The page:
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Battle of the Common

A usually peaceful Rondebosch Common was turned into a war zone on Friday as protesters, outnumbered by a huge police contingent, were sprayed with blue dye, arrested and thrown into the back of police vans.

With many still behind bars at the time of going to press on Friday night, they were, however, undeterred – and warned that Mowbray Golf Club would be next.

Police remove protester Daniel Corder from the Rondebosch Common. The number of police far outweighed the number of protesters. Photo: David Ritchie. Credit: INLSA

Earlier this week mayor Patricia de Lille branded Occupy Rondebosch Common organiser Mario Wanza and his supporters “agents of destruction”. And she had the police out in force from early on Friday in a bid to stop the marchers before they got anywhere near Rondebosch.

Wanza was himself arrested by police in Manenberg early in the day. But, said Farouk Davids, a protester who was with him at the time, he urged the others to continue.

The original plan was to march from various Cape Flats areas such as Mitchells Plain, Manenberg and Hanover Park, gathering at about 2pm at Athlone Stadium and then proceeding to the Common.

The protesters had warned they would “reclaim our right to the city”, occupying the Common to raise awareness about the lack of housing and jobs.

When they arrived at the stadium on Friday, a police function was under way, so they continued on the road to Rondebosch – to be met by a blockade of police who fired water cannons filled with blue dye before any of the group of just less than 40 people even made it off the pavement.

Scenes of chaos followed as police arrested the group, throwing people into the back of police vans, Casspirs and even a police minibus. They were taken to police stations at Mowbray, Claremont and Rondebosch.

Late on Friday night police spokesman Lieutenant Andre Traut said they would appear in court soon.

Amelia September, of Proudly Manenberg, said their initial plan to occupy the Common was changed on Wednesday “to show police that we were going to be peaceful”.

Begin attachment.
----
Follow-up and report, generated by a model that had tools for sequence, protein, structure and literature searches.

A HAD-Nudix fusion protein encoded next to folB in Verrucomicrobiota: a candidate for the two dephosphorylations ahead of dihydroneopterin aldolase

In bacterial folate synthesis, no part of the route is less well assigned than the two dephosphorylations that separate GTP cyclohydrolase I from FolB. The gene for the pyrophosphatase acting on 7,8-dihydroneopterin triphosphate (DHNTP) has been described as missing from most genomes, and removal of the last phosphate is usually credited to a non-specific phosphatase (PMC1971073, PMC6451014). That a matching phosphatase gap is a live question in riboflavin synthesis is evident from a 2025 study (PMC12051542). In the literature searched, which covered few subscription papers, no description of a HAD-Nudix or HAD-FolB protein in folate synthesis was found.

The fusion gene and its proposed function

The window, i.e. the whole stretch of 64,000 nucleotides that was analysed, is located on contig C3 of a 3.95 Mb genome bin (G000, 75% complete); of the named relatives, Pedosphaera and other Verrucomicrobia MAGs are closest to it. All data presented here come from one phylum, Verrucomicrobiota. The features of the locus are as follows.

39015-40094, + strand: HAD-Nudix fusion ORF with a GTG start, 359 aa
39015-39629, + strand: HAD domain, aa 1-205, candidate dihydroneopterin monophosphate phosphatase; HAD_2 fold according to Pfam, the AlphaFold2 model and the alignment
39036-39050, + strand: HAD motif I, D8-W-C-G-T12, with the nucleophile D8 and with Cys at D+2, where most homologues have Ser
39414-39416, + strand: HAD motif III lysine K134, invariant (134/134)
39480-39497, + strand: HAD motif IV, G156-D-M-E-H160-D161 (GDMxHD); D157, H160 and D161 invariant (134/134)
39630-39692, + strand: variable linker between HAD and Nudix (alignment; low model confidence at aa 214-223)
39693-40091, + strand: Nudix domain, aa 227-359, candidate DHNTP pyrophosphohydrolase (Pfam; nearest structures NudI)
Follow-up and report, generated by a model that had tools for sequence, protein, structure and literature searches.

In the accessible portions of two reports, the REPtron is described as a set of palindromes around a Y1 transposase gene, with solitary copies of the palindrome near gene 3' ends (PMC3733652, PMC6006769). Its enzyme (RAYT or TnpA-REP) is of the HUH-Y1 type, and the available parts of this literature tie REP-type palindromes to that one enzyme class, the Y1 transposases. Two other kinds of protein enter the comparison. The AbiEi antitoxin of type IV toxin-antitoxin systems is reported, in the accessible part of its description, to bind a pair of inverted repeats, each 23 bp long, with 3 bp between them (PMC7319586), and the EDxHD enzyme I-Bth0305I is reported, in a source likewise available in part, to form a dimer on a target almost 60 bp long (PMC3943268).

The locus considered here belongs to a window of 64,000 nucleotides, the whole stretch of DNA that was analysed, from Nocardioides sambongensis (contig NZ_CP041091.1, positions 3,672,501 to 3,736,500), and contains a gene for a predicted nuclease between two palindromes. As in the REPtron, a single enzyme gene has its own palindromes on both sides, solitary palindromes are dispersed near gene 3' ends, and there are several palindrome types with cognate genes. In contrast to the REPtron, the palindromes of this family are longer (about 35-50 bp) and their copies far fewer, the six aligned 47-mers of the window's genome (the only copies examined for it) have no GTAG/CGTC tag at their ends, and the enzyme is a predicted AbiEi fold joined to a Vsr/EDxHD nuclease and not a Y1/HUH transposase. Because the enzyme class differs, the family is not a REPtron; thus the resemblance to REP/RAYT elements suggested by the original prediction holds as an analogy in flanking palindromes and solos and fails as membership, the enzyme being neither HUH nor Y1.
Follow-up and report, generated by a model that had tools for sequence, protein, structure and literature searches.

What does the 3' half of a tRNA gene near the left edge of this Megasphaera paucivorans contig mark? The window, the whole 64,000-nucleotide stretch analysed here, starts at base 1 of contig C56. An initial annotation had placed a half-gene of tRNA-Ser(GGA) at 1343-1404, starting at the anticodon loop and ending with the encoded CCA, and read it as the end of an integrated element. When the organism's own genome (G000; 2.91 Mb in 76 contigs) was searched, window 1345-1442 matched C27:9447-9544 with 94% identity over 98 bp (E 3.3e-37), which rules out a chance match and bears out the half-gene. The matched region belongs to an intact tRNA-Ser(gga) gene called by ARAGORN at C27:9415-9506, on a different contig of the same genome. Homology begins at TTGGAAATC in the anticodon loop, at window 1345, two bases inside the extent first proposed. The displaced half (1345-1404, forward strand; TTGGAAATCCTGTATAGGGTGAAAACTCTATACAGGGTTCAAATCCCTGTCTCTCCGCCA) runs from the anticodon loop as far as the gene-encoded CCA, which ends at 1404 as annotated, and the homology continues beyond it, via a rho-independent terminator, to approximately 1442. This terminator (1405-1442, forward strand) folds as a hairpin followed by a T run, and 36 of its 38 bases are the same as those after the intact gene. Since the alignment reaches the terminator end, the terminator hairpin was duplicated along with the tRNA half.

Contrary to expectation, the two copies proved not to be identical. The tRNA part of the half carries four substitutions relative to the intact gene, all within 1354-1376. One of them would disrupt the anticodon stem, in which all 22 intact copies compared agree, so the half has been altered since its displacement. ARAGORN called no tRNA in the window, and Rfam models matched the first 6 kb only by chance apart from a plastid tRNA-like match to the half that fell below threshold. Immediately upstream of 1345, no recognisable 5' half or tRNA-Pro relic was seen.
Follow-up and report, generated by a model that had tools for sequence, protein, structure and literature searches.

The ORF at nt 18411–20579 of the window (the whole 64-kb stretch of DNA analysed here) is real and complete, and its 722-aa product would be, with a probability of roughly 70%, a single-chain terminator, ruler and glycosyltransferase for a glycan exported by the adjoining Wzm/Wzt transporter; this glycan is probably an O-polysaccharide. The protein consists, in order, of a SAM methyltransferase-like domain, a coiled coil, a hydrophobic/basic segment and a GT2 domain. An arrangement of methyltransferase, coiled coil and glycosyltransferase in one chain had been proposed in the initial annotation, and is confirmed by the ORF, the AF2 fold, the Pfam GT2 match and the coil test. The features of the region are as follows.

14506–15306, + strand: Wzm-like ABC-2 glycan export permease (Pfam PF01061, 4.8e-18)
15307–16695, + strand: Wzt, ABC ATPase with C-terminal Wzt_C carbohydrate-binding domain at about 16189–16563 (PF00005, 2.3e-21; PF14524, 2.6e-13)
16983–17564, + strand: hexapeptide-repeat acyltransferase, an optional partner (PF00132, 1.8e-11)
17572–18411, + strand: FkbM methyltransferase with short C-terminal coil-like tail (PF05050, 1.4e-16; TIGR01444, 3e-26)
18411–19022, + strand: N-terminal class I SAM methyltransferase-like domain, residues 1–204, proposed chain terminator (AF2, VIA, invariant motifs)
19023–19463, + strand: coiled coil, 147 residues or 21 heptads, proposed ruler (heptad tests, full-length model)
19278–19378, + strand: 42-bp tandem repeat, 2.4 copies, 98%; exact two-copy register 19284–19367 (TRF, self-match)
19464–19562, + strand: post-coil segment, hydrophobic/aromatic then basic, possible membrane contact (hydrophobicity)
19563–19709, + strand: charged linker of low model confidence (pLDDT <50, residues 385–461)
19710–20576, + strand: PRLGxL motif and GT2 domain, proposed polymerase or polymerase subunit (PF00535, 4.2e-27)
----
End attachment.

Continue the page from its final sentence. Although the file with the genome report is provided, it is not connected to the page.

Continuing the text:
“We were going to march to the Common to raise awareness and make authorities aware that we are now pursuing other ways to make ourselves heard.”

Traut was adamant, however, that the event was illegal and said the organisers had not followed procedures. “Police had to act swiftly as lawlessness will not be tolerated anywhere,” he said.

Grant Pascoe, mayoral committee member for tourism, events and marketing, said on Friday night he was was also unaware of any change in the protester’s plan to occupy the Common. He added that the city had always intended respecting their right to protest.

“The unfortunate thing is that they are trying to address the issue of housing, which we are also concerned about,” said Pascoe.

“We would love them to come and discuss it with us through community forums and various other channels. We do not want to see people resorting to illegal activities as we have seen today,” Pascoe said, adding that the city wanted to help people by working with them, “through the community”.

But Jared Sacks, of Communities for Social Change which was helping drive the protest, warned they would “not be deterred”.

“We will occupy every golf course, we will occupy every piece of vacant land until both the DA and ANC governments listen to the people instead of the corrupt business people and big corporates who fund their election campaigns, and dictate land, economic and fiscal policy,” he said.

He even ended in a slanging match with Cosatu’s Tony Ehrenreich, leader of the ANC in the city council, who was among the protesters.

Ehrenreich condemned the police’s decision to use force on the crowd, accusing local government of failing the community.

“The police’s reaction was inappropriate. I am not sure if it is because black people cannot come and protest on the Common.”

He revealed, too, that Cosatu had already applied to gather on the Common next Saturday. He promised that 1 000 protesters would be present.

Daniel Ras, from the Mitchells Plain Forum, added his voice to the anger.

“How can this amount of force be available for a peaceful march?” he asked. “Why do police not implement this much manpower to come and sweep crime off the streets of our communities?” - Weekend Argus

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